Boundaries & Authority revisited…

A dear friend thought this should be a blog post, so here we go!

I often get questions on our Yahoo! Group about this subject. It is hard when children are small to think much about disciplining beyond the first few years, but we have to be prepared and also lay the groundwork for the future. Having boundaries isn’t mean and holding authority doesn’t make you a spanker… there is a middle ground! I promise!

In the question to the group, the original poster asked how boundaries and holding authority helped a child form a love of community and beyond.  We were also discussing the words consequence and punishment.


I rarely use the word punishment with my children because with very rare exception, the consequence always fits the situation. i.e., not finishing school work timely will mean we will not have time at the park/friend’s house, etc. so one directly affects the other. Even when they are small, keeping the boundary firm with that mindset of consequences helps you to not use a ton of words. Toddler hitting or hurting someone? Remove toddler. Preschooler won’t clean up toys? Remove toys. I will say that not all children need the toys taken away so most will opt to help clean up.

Sally asked how experiencing authority helps us to see commonality. This is just my take on it. I will preface this with my own experience. I have been asking God to help me understand people more… I need to be more careful what I ask for! I keep getting into very interesting and sometimes stressful learning situations! Case in point, our time in our community. We live in co-housing. I understand that some co-housing is VERY good for those involved. Our co-housing is pretty dysfunctional. Now there are people here that I LOVE. Then there are people here that make my head hurt. The ones that I bristle about the most are those that want a world with no rules and consensus 100% of the time. (Can you imagine your home run on 100% consensus?!) In co-housing there is no authority. People are expected to self govern. You wouldn’t think this would be a problem for adults, but it is. As I have gotten to know these adults and how they govern their lives, children, etc. I have come to see this pattern of “do what you want.” That “do what you want” attitude becomes a value that then gets passed on from one generation to another. It also attracts others with that value. That can make for some very frustrating situations when you are me. LOL.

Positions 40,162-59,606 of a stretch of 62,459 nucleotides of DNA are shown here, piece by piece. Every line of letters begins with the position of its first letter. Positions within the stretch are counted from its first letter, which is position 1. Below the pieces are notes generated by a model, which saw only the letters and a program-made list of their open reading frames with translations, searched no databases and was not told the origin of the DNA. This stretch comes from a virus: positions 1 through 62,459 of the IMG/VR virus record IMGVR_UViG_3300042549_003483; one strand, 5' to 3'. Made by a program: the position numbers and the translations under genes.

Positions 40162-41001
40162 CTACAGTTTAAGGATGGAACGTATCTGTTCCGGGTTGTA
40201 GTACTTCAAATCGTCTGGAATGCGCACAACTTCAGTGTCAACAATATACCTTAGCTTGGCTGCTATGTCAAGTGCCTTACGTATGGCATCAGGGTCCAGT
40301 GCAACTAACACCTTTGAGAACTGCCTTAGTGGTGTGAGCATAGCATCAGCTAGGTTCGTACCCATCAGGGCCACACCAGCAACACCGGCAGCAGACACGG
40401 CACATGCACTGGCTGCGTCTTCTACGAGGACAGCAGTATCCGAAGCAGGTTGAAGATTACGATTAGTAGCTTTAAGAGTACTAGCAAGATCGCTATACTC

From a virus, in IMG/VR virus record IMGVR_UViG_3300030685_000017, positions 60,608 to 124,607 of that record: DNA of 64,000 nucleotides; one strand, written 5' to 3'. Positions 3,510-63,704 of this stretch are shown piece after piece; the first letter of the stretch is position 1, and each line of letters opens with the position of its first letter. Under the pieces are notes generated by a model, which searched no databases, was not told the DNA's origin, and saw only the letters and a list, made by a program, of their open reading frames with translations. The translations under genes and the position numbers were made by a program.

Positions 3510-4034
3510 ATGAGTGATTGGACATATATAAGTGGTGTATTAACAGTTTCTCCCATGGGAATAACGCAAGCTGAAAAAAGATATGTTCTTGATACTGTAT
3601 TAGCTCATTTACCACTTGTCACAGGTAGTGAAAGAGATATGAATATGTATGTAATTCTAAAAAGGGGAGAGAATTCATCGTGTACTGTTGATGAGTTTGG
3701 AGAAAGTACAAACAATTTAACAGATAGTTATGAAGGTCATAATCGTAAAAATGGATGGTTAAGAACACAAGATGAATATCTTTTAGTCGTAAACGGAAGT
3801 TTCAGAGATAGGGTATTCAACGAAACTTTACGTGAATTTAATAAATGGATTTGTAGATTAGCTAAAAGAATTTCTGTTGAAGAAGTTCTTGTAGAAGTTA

The “do what you want” value can seem all fine and good IF you have other values like care for others, care for property, truthfulness, etc. otherwise “do what you want” becomes a virus that infects others and breeds frustration among those adults that value some sort of order. Of course living with others is never easy and I am just using our experience as an example, I use it as a way to think about our children in 20 years. 30 years. 50 years. Do we want them to value “do what you want?” or do we want them to care about others? To help them value others, we have to model what we want to see and we have to correct them when they stray. You broke Johnny’s toy? Oh Johnny must be so sad. I know you would be sad if he broke your toy. You will need to do some extra work to pay Mommy back for replacing the toy you broke. Now of course we are age appropriate with this,a 3yr might help you fold towels while a 6yo might sweep the floors and a 12yo should seek harder chores or working for someone else.

I think it is easy to look at the word authority and think it is all about spanking, yelling, etc. that couldn’t be farther from the truth. It is about loving, caring and preparing these children for the world. It is about helping them to understand your values and teaching them. It is about taking a look at our time with them as a stewardship.

Just my thoughts. Blessings.

Melisa Nielsen

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